Acculturation of Indigenous Societies: A Mixe Case Study

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Hoogshagen, Searle
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Journal of Multilingual and Multicultural Development, 8(6)
pages 513-28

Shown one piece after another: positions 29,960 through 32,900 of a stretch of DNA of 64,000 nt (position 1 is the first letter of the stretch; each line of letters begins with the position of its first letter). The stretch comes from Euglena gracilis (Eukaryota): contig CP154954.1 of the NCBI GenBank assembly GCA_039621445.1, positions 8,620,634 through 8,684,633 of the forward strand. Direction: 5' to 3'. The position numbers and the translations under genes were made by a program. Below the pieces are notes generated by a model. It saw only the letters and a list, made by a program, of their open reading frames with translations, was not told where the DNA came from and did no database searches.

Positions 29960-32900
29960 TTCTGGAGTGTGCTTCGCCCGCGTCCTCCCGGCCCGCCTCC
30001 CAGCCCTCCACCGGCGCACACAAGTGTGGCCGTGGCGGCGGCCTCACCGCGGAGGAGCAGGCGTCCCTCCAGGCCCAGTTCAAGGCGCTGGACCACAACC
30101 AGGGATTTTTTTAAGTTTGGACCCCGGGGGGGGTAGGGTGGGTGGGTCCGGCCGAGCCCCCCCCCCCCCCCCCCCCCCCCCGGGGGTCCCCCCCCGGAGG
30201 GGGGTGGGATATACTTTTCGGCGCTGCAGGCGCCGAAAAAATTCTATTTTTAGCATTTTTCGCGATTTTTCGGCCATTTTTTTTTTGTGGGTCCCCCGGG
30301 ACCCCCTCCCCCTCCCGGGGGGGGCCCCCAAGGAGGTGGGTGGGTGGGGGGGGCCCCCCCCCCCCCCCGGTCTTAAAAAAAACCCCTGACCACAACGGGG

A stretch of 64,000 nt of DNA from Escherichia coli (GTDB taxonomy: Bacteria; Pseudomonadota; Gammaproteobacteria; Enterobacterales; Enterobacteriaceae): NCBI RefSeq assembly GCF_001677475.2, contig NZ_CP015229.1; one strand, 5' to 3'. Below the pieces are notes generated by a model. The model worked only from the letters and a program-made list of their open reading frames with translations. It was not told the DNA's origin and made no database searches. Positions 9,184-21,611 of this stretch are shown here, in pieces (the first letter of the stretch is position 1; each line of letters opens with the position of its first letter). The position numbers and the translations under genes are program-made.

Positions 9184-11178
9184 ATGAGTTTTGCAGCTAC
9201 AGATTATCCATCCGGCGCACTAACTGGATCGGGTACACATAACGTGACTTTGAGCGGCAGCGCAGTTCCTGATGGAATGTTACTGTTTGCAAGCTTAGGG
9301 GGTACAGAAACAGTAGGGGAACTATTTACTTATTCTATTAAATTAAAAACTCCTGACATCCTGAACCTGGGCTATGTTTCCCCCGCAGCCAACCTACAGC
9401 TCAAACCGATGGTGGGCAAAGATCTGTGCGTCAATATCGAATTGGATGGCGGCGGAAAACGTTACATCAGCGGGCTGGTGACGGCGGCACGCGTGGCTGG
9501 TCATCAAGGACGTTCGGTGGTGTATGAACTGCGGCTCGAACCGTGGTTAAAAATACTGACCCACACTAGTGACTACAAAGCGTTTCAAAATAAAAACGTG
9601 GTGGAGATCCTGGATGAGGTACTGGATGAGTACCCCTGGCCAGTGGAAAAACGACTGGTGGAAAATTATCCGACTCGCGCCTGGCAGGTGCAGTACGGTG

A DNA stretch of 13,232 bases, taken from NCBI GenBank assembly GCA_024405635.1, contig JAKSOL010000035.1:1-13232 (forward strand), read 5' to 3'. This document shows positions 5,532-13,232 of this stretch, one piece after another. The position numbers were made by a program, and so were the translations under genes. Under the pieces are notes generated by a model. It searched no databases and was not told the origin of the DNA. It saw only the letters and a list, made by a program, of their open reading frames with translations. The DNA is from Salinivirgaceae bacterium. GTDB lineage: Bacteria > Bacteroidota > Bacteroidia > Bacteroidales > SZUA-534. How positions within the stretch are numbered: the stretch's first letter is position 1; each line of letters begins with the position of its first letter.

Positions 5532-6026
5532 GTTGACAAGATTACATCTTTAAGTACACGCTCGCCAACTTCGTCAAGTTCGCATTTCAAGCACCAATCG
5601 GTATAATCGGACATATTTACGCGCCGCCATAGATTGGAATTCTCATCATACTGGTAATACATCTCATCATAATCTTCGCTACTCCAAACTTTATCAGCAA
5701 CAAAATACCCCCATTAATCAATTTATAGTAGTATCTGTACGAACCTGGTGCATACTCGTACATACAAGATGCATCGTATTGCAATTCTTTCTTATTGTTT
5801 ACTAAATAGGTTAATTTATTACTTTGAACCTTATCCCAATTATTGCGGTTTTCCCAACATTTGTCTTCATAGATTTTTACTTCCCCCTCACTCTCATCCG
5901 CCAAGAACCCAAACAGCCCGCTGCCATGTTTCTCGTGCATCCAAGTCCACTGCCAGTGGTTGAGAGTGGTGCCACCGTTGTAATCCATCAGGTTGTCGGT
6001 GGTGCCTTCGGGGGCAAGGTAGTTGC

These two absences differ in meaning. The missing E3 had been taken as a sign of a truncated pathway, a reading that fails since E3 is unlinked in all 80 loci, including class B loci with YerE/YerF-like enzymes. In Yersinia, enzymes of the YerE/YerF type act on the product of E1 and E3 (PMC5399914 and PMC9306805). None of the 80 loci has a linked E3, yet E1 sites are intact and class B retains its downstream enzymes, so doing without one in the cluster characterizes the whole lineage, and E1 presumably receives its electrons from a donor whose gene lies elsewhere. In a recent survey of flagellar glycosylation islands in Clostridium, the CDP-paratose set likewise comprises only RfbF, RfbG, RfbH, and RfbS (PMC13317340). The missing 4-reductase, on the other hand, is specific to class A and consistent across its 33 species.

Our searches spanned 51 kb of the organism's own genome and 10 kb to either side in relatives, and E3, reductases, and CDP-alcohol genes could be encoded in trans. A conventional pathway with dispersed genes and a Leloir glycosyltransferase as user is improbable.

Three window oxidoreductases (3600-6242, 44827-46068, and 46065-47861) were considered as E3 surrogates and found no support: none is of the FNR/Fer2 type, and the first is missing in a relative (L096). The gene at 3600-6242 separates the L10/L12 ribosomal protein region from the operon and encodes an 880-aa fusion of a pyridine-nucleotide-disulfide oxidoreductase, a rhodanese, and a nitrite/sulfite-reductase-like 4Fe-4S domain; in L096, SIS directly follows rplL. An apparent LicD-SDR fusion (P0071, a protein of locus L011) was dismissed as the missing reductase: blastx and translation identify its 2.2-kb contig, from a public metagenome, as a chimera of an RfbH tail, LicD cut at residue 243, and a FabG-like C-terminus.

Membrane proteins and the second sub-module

When the nations of Western Europe discovered and colonised North and South America, a process of acculturation began for the indigenous peoples of the ‘New World’. Although acculturation went both ways, most of it was in the direction of indigenous peoples changing to the cultures of the conquering nations. The focus of this paper is on a village culture located in the state of Oaxaca in Mexico and the effects upon it of the Spanish culture. For the indigenous peoples of Oaxaca, the acculturation process was most intense from the sixteenth to the eighteenth centuries and again during the twentieth century. In the post‐conquest period, Roman Catholic missionaries were the principal culture‐change agents in the New World, as they converted the indigenous people to the Christian faith and to Spanish European culture. The oral traditions and the world view with which the indigenous communities regulate themselves in the twentieth century reflect the work of these missionaries. In the present century, there are many forces of acculturation. Among them are public education, the sciences, Protestant Christianity in its diverse forms, modern technology, government programmes for the villages, and political parties vying for the allegiance of indigenous peoples and dramatising their culture for political purposes. The purpose of this paper is to discuss some of the positive and negative factors in acculturation, especially among the Mixe people of the village of Coatlán where my wife and I lived many years studying the language and culture, promoting literacy, developing literature in the native language, compiling a dictionary, and translating Bible portions.
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